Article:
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Ford to build new electric vehicle center at Rouge complex, add 300 jobs

Jordyn Grzelewski
The Detroit News

Dearborn — Ford Motor Co. will build a new, 500,000-square-foot electric vehicle manufacturing operation at the historic Ford Rouge Center, the automaker said Thursday, creating 300 new jobs to support battery assembly and production of hybrid and battery-electric versions of its profit-rich F-150 pick-up truck.

The Blue Oval is eyeing a mid-2022 launch of the first battery-electric version of the truck. Meanwhile, it is now launching production of the next-generation F-150, which is due on dealer lots later this year. In all, the automaker says it will invest $700 million in the Rouge complex to support production of the new F-150 lineup.

Ford has broken ground for the new all-electric Ford F-150 assembly plant at the Dearborn Truck Plant at the Rouge complex.

"We are proud to once again build and innovate for the future here at the Rouge with the debut of our all-new F-150 and the construction of a modern new manufacturing center to build the first-ever all-electric F-150," Executive Chairman Bill Ford said in a statement. "This year's COVID-19 crisis made it clear why it is so important for companies like Ford to help keep our U.S. manufacturing base strong and help our country get back to work."

U.S. Rep. Debbie Dingell, D-Dearborn, called the news "game changing:" "An all-electric version of the best selling vehicle in the U.S. and built right here in Southeast Michigan — that’s win-win! This commitment to American manufacturing leads innovation and climate leadership."

Bill Ford Jr., Executive Chairman of Ford Motor Co., gives his remarks during the press conference to unveil the new  Ford F-150 at the historic Dearborn Truck Plant in the Rouge complex, Thursday, September 17, 2020.

Ford is billing the new site — which will feature robots working alongside employees, and self-driving "sleds" that can move vehicle beds between stations — as its most technologically-advanced facility to date.

"Like the all-new electric model, the facility that will be home to the electric F-150 is also being designed to bring Ford's vision of American manufacturing and sustainability into the future. Using smart, connected technologies, we can communicate directly with the vehicles we are assembling," said Gary Johnson, Ford's chief manufacturing and labor affairs officer.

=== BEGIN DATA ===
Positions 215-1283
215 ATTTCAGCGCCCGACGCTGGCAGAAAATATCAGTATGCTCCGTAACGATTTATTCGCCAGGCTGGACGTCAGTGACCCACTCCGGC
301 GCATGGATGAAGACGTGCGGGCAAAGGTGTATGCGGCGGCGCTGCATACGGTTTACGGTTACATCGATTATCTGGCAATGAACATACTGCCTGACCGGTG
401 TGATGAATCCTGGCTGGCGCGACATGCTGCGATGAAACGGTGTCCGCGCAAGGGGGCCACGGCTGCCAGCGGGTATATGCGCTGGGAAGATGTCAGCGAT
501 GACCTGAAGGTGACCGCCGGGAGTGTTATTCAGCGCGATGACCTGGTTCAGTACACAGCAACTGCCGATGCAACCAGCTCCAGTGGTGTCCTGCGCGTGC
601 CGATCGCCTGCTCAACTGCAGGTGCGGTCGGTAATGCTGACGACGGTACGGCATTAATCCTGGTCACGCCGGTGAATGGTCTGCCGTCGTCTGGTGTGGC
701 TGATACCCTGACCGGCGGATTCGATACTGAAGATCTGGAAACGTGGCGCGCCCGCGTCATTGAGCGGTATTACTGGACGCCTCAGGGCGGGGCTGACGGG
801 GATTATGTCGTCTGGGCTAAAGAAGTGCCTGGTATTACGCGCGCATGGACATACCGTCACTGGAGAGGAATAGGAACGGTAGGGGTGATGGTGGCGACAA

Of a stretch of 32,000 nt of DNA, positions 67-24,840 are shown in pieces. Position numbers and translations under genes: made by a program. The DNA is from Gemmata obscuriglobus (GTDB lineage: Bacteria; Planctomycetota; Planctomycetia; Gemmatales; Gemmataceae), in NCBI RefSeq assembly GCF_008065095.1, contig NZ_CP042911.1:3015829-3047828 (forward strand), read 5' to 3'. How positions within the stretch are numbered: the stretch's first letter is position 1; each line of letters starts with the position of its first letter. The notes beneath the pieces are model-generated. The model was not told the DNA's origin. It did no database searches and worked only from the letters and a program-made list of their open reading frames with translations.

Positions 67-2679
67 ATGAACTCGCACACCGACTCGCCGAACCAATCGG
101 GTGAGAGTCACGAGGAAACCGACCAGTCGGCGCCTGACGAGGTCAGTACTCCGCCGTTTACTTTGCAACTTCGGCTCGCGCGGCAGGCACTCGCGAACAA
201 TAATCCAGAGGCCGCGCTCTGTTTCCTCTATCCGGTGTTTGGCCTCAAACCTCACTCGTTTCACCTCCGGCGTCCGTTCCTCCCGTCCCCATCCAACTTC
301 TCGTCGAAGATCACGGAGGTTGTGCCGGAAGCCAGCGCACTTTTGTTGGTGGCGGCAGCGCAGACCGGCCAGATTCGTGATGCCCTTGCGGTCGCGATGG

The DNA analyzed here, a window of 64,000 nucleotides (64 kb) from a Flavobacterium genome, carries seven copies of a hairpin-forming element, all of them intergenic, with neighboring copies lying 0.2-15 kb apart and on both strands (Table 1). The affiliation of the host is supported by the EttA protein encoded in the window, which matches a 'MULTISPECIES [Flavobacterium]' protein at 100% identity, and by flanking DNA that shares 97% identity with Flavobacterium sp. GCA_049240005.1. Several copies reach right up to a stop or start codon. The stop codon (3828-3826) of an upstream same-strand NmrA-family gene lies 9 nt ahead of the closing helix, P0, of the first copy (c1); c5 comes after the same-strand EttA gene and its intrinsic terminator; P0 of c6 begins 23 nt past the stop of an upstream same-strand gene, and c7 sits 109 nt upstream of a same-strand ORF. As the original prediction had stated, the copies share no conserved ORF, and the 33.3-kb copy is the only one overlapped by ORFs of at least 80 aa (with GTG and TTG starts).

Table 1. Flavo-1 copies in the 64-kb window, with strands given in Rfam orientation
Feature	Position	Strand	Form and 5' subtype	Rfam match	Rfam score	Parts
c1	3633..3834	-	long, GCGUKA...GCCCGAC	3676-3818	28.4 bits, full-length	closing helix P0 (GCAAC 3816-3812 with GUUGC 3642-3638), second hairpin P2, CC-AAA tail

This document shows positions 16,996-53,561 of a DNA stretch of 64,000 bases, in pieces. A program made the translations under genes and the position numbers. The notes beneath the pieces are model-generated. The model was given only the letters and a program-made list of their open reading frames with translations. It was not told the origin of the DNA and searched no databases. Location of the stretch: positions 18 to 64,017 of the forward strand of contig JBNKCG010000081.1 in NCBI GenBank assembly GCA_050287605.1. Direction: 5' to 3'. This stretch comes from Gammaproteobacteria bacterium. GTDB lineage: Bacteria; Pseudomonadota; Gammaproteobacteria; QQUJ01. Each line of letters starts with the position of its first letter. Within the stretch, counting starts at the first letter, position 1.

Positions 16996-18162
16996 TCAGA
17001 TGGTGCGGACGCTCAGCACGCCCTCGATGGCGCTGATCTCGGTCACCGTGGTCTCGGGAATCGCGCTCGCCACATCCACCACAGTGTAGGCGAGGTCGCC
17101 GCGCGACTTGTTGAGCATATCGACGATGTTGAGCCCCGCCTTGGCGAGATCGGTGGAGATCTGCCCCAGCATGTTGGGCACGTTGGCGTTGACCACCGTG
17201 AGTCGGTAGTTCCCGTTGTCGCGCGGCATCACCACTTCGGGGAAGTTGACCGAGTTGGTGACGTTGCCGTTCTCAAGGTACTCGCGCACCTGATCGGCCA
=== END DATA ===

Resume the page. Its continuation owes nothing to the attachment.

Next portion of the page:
And, Johnson said, the new facility can be expanded in the future, as demand for electric vehicles grows. EVs currently make up just a tiny slice of overall vehicle sales in the U.S., but Detroit's automakers are betting that the future of the industry will be defined by electric and autonomous vehicles. Ford has committed to investing $11 billion on EV development by 2022.

Jim Farley, COO of Ford Motor Co and Bill Ford, Jr. Executive Chairman of Ford Motor Co., poses with the new  F-150 as Ford unveils the new F-150 electric truck at the historic Dearborn Truck Plant in the Rouge complex, Thursday, September 17, 2020 in Dearborn.

The automaker on Thursday shared new details about the electric F-150, which it claims will deliver the most horsepower and torque of any F-150 yet, the fastest zero-to-60 times, and the ability to tow heavy trailers.

The battery-electric truck will debut new technology that allows mobile power generation; come with dual electric motors; and feature a front trunk to add cargo-carrying capacity. The electric version will offer over-the-air software updates, which are being introduced in the new F-150 lineup. And Ford claims electric truck owners stand to save as much as 40% over the vehicle's lifetime compared to the costs of owning a vehicle with an internal combustion engine because electric vehicles require less maintenance.

"Please don’t think of the truck as an F-150 with a new propulsion system," said Jim Farley, Ford's chief operating officer and incoming CEO. "It’s a digital product. It is not just a new propulsion system.”